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Why a ‘small’ bailout for little Cyprus is a big deal

Commentary: Letting one member fail can be contagious for the rest of the euro zone.
Cyprus bailout 252013Enlarge
People walk past closed shops in the old town of Nicosia, Cyprus, on Jan. 26, 2013. The bailout of Cyprus is garnering much less attention than did the help provided to other struggling euro zone members. (Patrick Baz/AFP/Getty Images)

The bailout of Cyprus is garnering much less attention than did the help provided to other struggling euro zone members.

Cyprus is tiny, and rescue or no rescue, the euro will remain largely unaffected. Or so the argument goes. While those who scoff that Cyprus’ request for €17 billion ($23 billion) is chump change compared to the Greek and Spanish bailouts and the hordes of bailout-ready cash stashed at the European Stability Mechanism (ESM), they are wrong to ignore the power of the precedent that Cyprus presents to the euro zone.

We’ve heard the “small” argument before. Before the Greek bailout gathered momentum in 2010, pundits, economists and politicians claimed that Greece posed no threat to the stability of the euro because it accounted for only 3 percent of the euro zone economy. So what changed their minds to grant Greece its 2010 bailout and two others since then?

Greece didn’t get any bigger relative to the rest of Europe. In fact, it now represents 2.5 percent of total euro zone GDP. Instead, the “small” argument quickly lost merit in explaining the significance of the Greek crisis. Events don’t occur in a vacuum. And it was that realization that changed their minds.

The worry was that if Europe were to have let Greece go, the effects would have caused a much larger problem for the stability of the common currency.

Europe’s economic woes are not isolated to Greece and the euro zone’s creditors know this. That’s why Spain and Italy have had several uncomfortable run-ins with high bond yields, and now France is coming into the crosshairs of the international financial community as its lack of competitiveness — and the lack of political will to do much about it — has sparked rumors of another credit downgrade.

Greece set an important precedent for creditor security, as letting it default would have led investors to question the security on their investments in other euro zone countries with deeply rooted economic problems. If the European Union wouldn’t rescue Greece, then who would it rescue?

The disaster scenario was that market uncertainty from bank runs in Greece would have caused bank runs in Spain, Portugal and Italy, which combined represented roughly 34.5 percent of the euro zone’s economy. Add in banking system exposure from other European countries and Europe would have had a full-scale crisis on its hands.

Bailout or no bailout, Greece was a big deal and Cyprus is no different. If the EU decides to throw some cash Cyprus' way, conditional upon the right reforms, it would reinforce the precedent set with Greece. If, on the other hand, Cyprus gets no help, the precedent that the Eurocrats worked so hard to set with three painstakingly negotiated Greek bailout packages would fall into question.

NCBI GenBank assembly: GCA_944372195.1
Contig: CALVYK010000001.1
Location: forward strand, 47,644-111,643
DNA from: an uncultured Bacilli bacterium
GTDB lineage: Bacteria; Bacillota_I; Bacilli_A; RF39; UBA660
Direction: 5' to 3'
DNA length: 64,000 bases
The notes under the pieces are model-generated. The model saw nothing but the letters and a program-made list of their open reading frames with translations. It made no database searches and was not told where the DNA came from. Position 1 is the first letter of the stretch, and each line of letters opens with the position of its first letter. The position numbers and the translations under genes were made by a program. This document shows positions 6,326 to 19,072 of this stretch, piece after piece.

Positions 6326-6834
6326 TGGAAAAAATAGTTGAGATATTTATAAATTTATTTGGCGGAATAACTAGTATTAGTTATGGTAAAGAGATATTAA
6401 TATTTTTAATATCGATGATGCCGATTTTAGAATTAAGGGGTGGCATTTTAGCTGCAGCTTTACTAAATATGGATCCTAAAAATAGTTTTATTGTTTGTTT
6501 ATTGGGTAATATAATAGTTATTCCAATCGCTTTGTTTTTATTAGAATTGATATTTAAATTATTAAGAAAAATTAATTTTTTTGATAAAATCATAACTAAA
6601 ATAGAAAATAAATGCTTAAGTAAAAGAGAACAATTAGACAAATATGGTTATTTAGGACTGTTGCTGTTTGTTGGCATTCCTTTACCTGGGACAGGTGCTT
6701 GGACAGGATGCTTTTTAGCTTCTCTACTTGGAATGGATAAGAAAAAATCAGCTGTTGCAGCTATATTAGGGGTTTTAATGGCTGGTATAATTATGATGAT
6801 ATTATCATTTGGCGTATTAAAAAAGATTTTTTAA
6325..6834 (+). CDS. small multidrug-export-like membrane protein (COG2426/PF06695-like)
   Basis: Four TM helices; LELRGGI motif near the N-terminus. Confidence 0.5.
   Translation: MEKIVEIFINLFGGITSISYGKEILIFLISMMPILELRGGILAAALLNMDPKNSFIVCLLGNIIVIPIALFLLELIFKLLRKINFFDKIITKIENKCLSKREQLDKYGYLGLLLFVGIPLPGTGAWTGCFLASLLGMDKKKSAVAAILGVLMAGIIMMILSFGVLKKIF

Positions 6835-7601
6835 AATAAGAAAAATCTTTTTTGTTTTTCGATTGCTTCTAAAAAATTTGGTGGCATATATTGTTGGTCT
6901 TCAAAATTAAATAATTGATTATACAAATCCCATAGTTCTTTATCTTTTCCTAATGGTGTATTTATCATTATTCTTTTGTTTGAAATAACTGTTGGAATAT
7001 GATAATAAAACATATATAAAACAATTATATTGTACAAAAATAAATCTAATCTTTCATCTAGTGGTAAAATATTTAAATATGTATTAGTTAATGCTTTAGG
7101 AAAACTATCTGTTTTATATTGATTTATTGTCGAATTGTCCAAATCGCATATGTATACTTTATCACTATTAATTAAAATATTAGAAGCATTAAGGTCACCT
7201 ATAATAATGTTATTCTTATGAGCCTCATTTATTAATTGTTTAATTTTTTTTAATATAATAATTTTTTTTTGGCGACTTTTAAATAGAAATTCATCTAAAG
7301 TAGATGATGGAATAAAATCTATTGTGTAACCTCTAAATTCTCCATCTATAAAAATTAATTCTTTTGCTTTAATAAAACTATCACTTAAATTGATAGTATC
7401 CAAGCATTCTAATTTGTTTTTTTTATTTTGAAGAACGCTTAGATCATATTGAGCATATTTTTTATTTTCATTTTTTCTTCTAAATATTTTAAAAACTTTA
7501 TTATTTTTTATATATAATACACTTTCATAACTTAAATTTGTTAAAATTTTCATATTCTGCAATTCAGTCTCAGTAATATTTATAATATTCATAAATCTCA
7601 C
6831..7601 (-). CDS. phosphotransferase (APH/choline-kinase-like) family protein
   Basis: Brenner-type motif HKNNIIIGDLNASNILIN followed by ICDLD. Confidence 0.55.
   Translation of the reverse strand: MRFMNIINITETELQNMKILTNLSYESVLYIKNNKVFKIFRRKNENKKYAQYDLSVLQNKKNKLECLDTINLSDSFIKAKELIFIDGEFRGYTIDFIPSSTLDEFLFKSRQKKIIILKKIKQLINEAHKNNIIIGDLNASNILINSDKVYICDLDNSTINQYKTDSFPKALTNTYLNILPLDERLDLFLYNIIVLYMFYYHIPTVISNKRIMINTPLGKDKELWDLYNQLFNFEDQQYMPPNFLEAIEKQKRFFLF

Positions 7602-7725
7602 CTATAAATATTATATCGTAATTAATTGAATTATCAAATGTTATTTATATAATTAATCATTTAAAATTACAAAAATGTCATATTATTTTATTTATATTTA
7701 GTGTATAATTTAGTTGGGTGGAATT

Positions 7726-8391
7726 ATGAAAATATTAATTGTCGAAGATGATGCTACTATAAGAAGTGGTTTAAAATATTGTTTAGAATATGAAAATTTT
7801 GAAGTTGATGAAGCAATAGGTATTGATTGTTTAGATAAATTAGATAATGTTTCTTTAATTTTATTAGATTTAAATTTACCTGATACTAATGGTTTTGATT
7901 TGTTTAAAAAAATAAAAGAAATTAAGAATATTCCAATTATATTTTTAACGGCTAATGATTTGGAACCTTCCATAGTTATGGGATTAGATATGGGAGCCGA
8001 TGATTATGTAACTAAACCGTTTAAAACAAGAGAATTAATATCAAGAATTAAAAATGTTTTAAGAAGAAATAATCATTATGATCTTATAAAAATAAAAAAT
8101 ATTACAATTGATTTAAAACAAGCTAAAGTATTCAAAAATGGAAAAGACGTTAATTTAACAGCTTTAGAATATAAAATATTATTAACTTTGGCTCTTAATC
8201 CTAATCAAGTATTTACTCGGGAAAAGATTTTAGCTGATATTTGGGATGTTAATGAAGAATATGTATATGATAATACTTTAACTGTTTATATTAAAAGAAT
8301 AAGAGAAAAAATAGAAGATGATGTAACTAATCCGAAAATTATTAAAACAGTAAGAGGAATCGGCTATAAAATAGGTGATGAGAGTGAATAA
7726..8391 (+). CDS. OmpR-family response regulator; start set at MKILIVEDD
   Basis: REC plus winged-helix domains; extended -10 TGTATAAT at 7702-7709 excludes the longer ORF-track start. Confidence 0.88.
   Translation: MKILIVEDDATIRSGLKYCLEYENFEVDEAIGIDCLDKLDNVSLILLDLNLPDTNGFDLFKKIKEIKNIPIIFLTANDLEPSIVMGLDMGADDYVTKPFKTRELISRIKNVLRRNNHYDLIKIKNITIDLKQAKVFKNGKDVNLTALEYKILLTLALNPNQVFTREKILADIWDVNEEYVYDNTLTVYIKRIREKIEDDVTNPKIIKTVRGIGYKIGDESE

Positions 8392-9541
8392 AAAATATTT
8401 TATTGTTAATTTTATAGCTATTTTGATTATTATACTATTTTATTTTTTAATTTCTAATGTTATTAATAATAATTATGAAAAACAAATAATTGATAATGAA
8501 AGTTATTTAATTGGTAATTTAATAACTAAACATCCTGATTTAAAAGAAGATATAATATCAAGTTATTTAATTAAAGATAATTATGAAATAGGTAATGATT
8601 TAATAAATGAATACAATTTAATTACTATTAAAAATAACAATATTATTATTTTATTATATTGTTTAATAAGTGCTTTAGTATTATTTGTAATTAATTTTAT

Despite Cyprus and Greece being the same in precedent, the fundamental problem facing Cyprus is actually very different from that of Greece. The little island’s woes stem from an over indebted banking system — with the third-highest level of private debt as a percentage of GDP in Europe — while Greek insolvency came about from a lack of competitiveness papered over with heavy government borrowing (ironically, Cyprus was one of the main creditors).

Unlike Greece, government debt is not at the root of Cyprus’s problems. Public debt-to-GDP is below both the euro zone and European averages by 16 and 11 percentage points, respectively.

The experience of Ireland — the country with the second-highest private debt-to-GDP ratio in Europe— offers guidance of what Cyprus ought not to do.

In 2008, as soon as the financial crisis exposed the poor quality of Irish banks’ property investments and confidence in Ireland’s banking system crumbled, the government guaranteed private bank obligations and requested European bailout funding (initially committing to not impose haircuts, but reneging on that commitment in 2011).

Ireland’s pre-crisis public debt-to-GDP ratio of 25 percent quickly grew to 65 percent in 2009 and then to over 100 percent in 2011. As a result, the Irish have been struggling to bring this figure back down for several years in compliance with tough austerity measures. A far better solution would have been to wind down failing banks (instead of propping them up) and impose haircuts early on.

At the end of the day, the EU will grant Cyprus its money. Risking the stability of the entire currency bloc just isn’t worth saving a few billion euros.

But Europe should think twice before simply handing out a bailout package equal to the entire Cypriot economy.

As Ireland’s current plight shows, burdening the taxpayers to save the banks and bondholders imposes unnecessary and long-lasting pain. Once the European Union provides the stabilization funding needed to prevent Cypriot contagion to the rest of the euro zone, the EU ought to set a new precedent going forward: that inefficiency has the freedom to fail.

Matthew Melchiorre is the Warren T. Brooks Journalism Fellow at the Competitive Enterprise Institute.

http://www.globalpost.com/dispatches/globalpost-blogs/commentary/cyprus-bailout-Euro-Zone-global-economy-debt-crisis

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